My mother used to say that when I was 2 or 3 years old, I was a little pest, but when music was on the television, it was silent; it was peaceful at home. I was absorbed in what I was wanting to do forever. Music.
I started my sound adventure learning sounds; I created them around me with a k7s recorder. I walked around the house reporting where I went, something like: “And now this is the sound of water, and let’s all listen…” turned on the bathroom faucet “listen, it’s the water singing…”
The spherical ball flew flyingly through the damn autumn leaves like a nauseating plane that was too small and round to be in any way practical. But flew it did, having been propelled as it had by Adam’s fearsome left foot. The kids who lived in Miyashita-koen still tell stories about that left foot and use words like “fearsome” and “left”. I stood vertical in the goalmouth, a moth to the flame, a fish in a barrel, a horse to water, and did what any decent Thursday morning goalkeeper is obliged to do: I saved the potential goal so hard and crushed the dreams of the understandably confident Adam.
When I called it a day about seven years ago, I was exhausted. Somehow I was emptied. I felt like I had already said and experienced everything. Since day one, music had always nourished me. How foolish was I to believe for a single moment that I could go on without it?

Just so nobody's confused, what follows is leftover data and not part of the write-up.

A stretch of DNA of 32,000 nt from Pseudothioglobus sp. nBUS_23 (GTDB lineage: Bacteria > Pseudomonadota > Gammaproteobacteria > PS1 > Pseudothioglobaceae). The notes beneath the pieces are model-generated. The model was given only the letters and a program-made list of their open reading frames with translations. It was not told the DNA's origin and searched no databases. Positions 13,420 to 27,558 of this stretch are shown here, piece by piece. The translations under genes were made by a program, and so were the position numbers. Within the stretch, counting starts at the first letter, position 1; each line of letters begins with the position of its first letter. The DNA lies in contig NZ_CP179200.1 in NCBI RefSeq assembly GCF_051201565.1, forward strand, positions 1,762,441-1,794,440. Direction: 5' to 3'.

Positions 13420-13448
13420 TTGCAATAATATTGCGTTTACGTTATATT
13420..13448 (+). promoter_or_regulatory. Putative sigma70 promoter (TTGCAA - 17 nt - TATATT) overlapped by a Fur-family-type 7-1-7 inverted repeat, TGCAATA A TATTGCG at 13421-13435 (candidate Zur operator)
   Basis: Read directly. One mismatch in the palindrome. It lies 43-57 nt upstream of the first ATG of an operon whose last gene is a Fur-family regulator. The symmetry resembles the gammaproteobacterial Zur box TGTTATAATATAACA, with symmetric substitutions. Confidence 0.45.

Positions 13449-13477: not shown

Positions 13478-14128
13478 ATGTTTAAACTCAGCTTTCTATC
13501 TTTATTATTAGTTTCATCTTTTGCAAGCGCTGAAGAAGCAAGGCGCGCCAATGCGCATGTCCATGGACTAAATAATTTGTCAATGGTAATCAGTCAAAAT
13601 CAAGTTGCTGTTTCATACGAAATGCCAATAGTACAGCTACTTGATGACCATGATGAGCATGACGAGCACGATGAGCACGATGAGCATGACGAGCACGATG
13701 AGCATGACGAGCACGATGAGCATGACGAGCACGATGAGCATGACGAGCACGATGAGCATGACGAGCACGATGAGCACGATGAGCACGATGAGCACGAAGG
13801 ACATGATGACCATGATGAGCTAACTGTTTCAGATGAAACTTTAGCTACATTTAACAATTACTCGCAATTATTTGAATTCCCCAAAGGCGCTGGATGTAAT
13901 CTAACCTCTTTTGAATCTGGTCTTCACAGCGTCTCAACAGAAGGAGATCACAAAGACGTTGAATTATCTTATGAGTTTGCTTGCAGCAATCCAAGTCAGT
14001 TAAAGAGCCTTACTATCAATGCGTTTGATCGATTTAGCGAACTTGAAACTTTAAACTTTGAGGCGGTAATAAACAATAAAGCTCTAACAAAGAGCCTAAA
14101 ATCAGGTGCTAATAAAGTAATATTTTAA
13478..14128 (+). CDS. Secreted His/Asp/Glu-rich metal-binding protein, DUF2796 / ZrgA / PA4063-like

The Artist writes his best song for seven years, suffers mental breakdowns, heartbreaks, crazy life situations, misunderstandings, self-doubt, rehabs, and other things that people might encounter in 7 long years. The song is finally ready. He records it. It takes a week. He releases it. Nobody buys it.
In the meantime, The Kid makes a beat on his iPhone; it takes him 3 minutes. He drops it. Someone buys it for $50, to rap about „bitches” over the mindless loop. The Kid buys more chewing gum.
Driving (in the) snow from Kempten. I was supposed to put saucers and blondes together, but the reversable rider of Skye said „NO!”, and off he went on a rollercoaster ride of thrift shop guitars, carrying the torch for Lady Biba. The 4 A.M. Lamp kept burning, and sociopaths were rescued from their shady caves, turned into rainbows and oh! Butterflies „above the nation”. That was the dream of the Woodstock generation, now wasn’t it?
One of my favorite things about science fiction is how a creator can project their vision of the future. However, as it is a projection, and we only have our own experience to draw from, often we color this future vision with bits and pieces from our now. Like having characters that exist 200 years from now conversing in vernacular from our time. Or having an alien race appear humanoid. One of the best examples of this is the famous “Cantina Band” from Star Wars playing “alien” music that sounds a lot like jazz.
The super-group 5K HD from Vienna travel from Jazz to Pop to Electronica with ease, They remind us very much of Portishead, while they are still creating their very own sound. We feel so honored to welcome our first Austrian musicians as our Artists of the Week #31. Continue reading →